MERIS chlorophyll data proves positive
Scientists have, for the first time, devised and tested a method for correlating spaceborne data derived from Envisat's MERIS instrument on the amount of chlorophyll present in terrestrial vegetation with actual chlorophyll measured in field experiments. Positive correlations further confirm that MERIS is providing an accurate picture of the health our planet.
Chlorophyll is the green photosynthetic compound in plants that captures energy from sunlight necessary for photosynthesis. The amount of chlorophyll present in plants plays an important role in determining how healthy they are. Accurately monitoring chlorophyll from space, therefore, provides a valuable tool for modelling terrestrial productivity and support for the managements of vegetated environments.
Although primarily used for the measurement of ocean colour, Envisat's Medium Resolution Imaging Spectrometer (MERIS) has also been monitoring the state and evolution of the Earth's vegetation cover since its launch in 2002. The MERIS Terrestrial Chlorophyll Index (MTCI) combines information on the extent of the planet's green areas along with an assessment of the amount of chlorophyll in the leaves to produce detailed images of chlorophyll per unit area of ground.
However, because of the logistical difficulties on the ground of determining the chlorophyll content of the area covered by a MERIS pixel (9 x 104 m2), the derived values of chlorophyll have, up until recently, only been correlated with surrogate chlorophyll content data. In essence, the MTCI had never been correlated with actual field-measured data.
In a first attempt to confirm the relationship between the MTCI and chlorophyll content using actual MERIS data and actual chlorophyll content data scientists from the University of Southampton (UK) recently carried out a series of field experiments in southern England.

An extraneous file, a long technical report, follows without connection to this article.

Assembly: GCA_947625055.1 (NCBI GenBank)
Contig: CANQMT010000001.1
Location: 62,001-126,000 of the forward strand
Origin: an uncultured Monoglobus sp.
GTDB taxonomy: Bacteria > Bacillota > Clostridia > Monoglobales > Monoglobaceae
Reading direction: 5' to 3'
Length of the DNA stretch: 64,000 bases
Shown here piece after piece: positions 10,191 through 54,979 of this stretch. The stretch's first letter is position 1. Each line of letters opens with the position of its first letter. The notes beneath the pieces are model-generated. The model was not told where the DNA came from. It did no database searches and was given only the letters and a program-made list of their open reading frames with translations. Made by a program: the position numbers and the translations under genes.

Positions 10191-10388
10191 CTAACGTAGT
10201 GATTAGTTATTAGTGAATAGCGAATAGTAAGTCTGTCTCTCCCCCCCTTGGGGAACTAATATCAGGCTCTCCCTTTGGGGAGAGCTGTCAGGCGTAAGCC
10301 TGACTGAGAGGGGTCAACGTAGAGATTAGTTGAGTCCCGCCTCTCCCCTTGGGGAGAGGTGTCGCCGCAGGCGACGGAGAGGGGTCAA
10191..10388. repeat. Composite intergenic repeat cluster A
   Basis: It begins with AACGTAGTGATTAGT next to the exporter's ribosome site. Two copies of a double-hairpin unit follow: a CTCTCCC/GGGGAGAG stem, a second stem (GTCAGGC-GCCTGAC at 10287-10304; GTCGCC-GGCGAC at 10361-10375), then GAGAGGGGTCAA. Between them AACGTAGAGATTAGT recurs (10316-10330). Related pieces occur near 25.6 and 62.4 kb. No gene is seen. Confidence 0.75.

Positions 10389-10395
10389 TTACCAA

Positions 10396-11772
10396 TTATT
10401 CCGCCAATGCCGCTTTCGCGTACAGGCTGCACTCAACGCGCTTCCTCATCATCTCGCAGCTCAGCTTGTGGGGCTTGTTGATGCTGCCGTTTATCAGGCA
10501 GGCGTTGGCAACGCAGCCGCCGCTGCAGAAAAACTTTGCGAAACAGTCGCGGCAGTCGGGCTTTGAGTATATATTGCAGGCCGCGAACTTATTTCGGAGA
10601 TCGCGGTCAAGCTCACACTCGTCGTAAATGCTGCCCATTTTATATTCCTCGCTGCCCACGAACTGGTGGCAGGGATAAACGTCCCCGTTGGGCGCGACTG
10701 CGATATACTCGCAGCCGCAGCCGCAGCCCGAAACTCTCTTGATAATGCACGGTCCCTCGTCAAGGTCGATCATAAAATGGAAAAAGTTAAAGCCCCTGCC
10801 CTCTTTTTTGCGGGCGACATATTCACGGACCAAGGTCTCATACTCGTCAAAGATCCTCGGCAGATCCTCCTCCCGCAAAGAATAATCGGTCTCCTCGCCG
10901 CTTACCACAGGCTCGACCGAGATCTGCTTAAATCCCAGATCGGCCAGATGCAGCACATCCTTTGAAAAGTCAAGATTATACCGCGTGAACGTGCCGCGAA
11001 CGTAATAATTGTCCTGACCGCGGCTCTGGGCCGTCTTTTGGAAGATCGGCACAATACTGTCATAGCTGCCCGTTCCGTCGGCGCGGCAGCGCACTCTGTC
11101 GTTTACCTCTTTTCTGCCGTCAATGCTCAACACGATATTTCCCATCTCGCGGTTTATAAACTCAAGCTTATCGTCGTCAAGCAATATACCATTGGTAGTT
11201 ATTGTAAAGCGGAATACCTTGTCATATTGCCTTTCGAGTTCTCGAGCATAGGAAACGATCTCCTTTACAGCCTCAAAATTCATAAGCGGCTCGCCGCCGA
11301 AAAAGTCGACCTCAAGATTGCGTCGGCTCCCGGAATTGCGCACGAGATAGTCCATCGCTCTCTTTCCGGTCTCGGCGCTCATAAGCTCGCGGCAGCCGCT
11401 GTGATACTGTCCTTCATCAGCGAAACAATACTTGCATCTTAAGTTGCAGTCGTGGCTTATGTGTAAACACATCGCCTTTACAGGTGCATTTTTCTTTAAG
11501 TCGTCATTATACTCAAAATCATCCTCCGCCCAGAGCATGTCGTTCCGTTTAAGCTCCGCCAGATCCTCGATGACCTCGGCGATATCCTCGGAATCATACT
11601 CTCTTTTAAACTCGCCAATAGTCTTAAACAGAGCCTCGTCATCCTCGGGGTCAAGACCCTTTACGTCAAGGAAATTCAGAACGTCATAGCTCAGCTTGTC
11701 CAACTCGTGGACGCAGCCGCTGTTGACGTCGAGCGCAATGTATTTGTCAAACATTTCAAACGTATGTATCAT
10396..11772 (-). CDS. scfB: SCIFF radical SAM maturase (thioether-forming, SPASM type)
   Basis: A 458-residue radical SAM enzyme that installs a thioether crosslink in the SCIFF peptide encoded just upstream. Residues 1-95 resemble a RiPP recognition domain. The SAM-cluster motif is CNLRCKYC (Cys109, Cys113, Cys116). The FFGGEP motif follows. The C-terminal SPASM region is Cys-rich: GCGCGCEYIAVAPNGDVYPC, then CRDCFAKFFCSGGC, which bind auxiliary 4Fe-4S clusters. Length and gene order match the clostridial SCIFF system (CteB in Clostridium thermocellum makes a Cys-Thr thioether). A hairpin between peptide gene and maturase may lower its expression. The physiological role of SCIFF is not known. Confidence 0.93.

During the summer of 2006, Leaf Area Index (LAI) and chlorophyll concentration data were collected for eight large (more than 25 hectares) fields. The fields contained six different crops (oats, winter wheat, beans, linseed, maize and grass) at different stages of maturity and with different canopy structures, LAIs and chlorophyll concentrations. A modified random sampling method was used in which each field contained a sampling unit in proportion to the spatial variability of the crop. Within each unit 25 random points were sampled. At each random point the LAI was estimated with a planet canopy analyser and chlorophyll concentration estimated using a Minolta-SPAD chlorophyll meter.
When the data collected during the field experiments was compared with that of cloud-free MTCI data, the correlation proved positive. Although further confidence on these correlations could be improved further by similar field experiments in the future, this first attempt to validate MERIS-derived chlorophyll data is another important step in proving the excellence of the instrument and its usefulness at monitoring the state of our changing Earth.